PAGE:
Tuesday, 24 February 2009

Snowy fields

Global warming or not, this winter we've had more snow than usual.
My pampas grass seems to be holding up nicely.

Is that a black panther sneaking up on me ?

Ah no it's my cat , Kedam, plowing through the snow.

With the sun out, I pack up the camera and go for a walk .
A short five minute walk takes me to the open fields behind the village where I live.

Cows graze here in summer, now it's all snow up to the horizon.

The rivers are frozen over ,

with a few places where the flowing water has cut through the ice.

The do it yourself snow-mobile.

As the sun starts to set , temperatures drop : time to head back home.

The setting sun colours everything in shades of bronze and russet.

( As always , click on the pictures for a larger view )

Country road, take me home.

The sun has almost set and I'm almost home.

Sunday, 15 February 2009

Vlaamse stoofkarbonaden : Beer, Beef, Belgium.

I promised a while ago to present a traditional dish from my country that could be cooked abroad. Here it is.

Foreign dishes can be hard to cook for many reasons : unfamiliar , hard to get ingredients , unfamiliar cooking techniques and cooking utensils.

This very traditional Flemish recipe should be do-able for most people.

Basically it's a very hearty stew of beef and onions in beer.

The finished dish can be frozen in portions for later, reheated quite simply (microwave !) and you can eat it with cooked or pureed potatoes or French fries or slices of brown bread.
I find it goes very well with Japanese style steamed rice ( click photo to see a larger version).

No vegetables ? If you eat it after a vegetable soup like leek or spinach, you'll have a very complete and balanced meal.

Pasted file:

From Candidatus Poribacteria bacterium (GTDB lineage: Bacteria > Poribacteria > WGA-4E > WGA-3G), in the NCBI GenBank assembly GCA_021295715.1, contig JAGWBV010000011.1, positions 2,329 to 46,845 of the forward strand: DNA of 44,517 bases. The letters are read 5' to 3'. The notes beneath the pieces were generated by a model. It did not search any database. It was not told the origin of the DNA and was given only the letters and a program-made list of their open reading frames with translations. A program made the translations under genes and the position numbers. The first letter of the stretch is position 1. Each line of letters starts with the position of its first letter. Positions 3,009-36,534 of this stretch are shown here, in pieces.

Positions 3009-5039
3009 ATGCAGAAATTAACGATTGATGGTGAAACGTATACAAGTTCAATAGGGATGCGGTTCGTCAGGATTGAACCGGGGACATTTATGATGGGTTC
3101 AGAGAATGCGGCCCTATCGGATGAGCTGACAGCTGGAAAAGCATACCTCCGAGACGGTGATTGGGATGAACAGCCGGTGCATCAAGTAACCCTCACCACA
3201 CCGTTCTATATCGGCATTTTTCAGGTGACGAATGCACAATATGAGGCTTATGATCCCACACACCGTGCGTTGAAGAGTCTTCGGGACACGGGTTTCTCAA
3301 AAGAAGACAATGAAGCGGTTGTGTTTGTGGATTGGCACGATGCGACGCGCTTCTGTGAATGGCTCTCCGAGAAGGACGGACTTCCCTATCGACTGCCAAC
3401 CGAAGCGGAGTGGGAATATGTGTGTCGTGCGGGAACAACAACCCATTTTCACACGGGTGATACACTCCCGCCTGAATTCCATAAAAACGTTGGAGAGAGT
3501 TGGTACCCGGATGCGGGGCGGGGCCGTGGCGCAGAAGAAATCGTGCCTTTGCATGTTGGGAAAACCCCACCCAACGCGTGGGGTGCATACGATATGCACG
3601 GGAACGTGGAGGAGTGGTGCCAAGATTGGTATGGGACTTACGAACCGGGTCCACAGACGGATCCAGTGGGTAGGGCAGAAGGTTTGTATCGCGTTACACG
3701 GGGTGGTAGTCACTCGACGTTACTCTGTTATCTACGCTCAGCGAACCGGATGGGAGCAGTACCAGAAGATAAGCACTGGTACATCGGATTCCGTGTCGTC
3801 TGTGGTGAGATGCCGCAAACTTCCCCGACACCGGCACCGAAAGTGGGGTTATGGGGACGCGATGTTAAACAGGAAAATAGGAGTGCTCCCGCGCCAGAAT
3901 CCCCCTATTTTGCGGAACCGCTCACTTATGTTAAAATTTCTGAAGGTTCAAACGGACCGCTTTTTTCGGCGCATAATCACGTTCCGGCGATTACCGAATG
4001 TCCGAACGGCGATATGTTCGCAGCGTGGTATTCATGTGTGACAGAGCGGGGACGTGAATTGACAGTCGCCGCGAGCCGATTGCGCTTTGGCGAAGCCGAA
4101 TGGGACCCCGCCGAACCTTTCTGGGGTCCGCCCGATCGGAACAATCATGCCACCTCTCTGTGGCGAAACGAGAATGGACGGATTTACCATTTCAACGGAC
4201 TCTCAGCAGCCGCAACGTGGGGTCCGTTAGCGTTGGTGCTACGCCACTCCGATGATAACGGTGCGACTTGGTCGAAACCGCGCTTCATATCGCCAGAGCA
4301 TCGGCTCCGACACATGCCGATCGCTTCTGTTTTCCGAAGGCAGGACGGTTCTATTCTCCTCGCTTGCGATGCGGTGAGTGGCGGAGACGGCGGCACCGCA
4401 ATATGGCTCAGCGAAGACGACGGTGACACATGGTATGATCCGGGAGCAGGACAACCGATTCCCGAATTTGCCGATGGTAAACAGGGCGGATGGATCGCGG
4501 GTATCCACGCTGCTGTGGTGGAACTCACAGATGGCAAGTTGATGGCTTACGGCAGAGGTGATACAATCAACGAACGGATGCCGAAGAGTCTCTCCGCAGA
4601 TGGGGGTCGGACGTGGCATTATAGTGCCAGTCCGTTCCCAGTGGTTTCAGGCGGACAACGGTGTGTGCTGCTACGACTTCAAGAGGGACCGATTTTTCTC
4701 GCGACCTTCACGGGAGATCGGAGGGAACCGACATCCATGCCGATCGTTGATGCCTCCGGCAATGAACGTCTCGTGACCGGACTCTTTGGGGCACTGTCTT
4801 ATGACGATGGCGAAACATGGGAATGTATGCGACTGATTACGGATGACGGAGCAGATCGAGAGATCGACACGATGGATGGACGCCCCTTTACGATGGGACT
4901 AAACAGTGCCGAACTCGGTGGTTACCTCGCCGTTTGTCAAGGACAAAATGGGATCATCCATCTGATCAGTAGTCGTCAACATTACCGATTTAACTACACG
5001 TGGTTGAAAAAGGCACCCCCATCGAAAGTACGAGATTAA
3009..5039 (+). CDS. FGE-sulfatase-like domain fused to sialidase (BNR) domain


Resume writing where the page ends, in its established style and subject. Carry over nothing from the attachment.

The following ingredients are for 4 servings (in Belgium! Could serve 5 or 6 in other countries ))

1 kg of lean unsalted cooking meat ( this beef  is sold in Belgium mostly precut in cubes and made from the brisket or neck : it's a tough but very nutritious and lean meat, that needs long slow cooking to get tender )
3 medium sized onions
1 heaped tablespoon of brown sugar
1 tablespoon of plain flour
1 large bay leaf
1 sprig of thyme
100 grams of unsalted butter
1/2 liter of good brown beer
1 good slice of bread
1 tablespoon of mustard (Dijon or another hearty one)

Large pot with lid ( to cook )
Large pot ( to hold the browned meat )

3 hours of your time ( although 2,5 of those are spent letting the food simmer , so you can spend them doing other stuff around the kitchen )

Where are the brisket and the neck ? See below

I use these red onions because they've got a good flavor. Yellow ones are good too, but don't use the very large ones ( they're too weak and sweet tasting ).

Cut the beef in medium sized cubes (about 3 - 4 cm ).
Melt the butter in the large pot on a medium fire ( electric setting 6-7 out of 12)

(Here I use 1 and a half tablespoon of olive oil instead of butter because
a) I almost never use butter in the kitchen
b) I am Flemish , therefore I am allowed to (haha)
c) it doesn't change the flavour of this dish
d) olive oil is healthier
e) I made this on a Sunday and couldn't get butter from the shops

Add the beef cubes and brown them lightly on all sides ( moisture comes out from the cubes : keep stirring to let most of it evaporate ). Use a large pot ! This one's 27 cm across.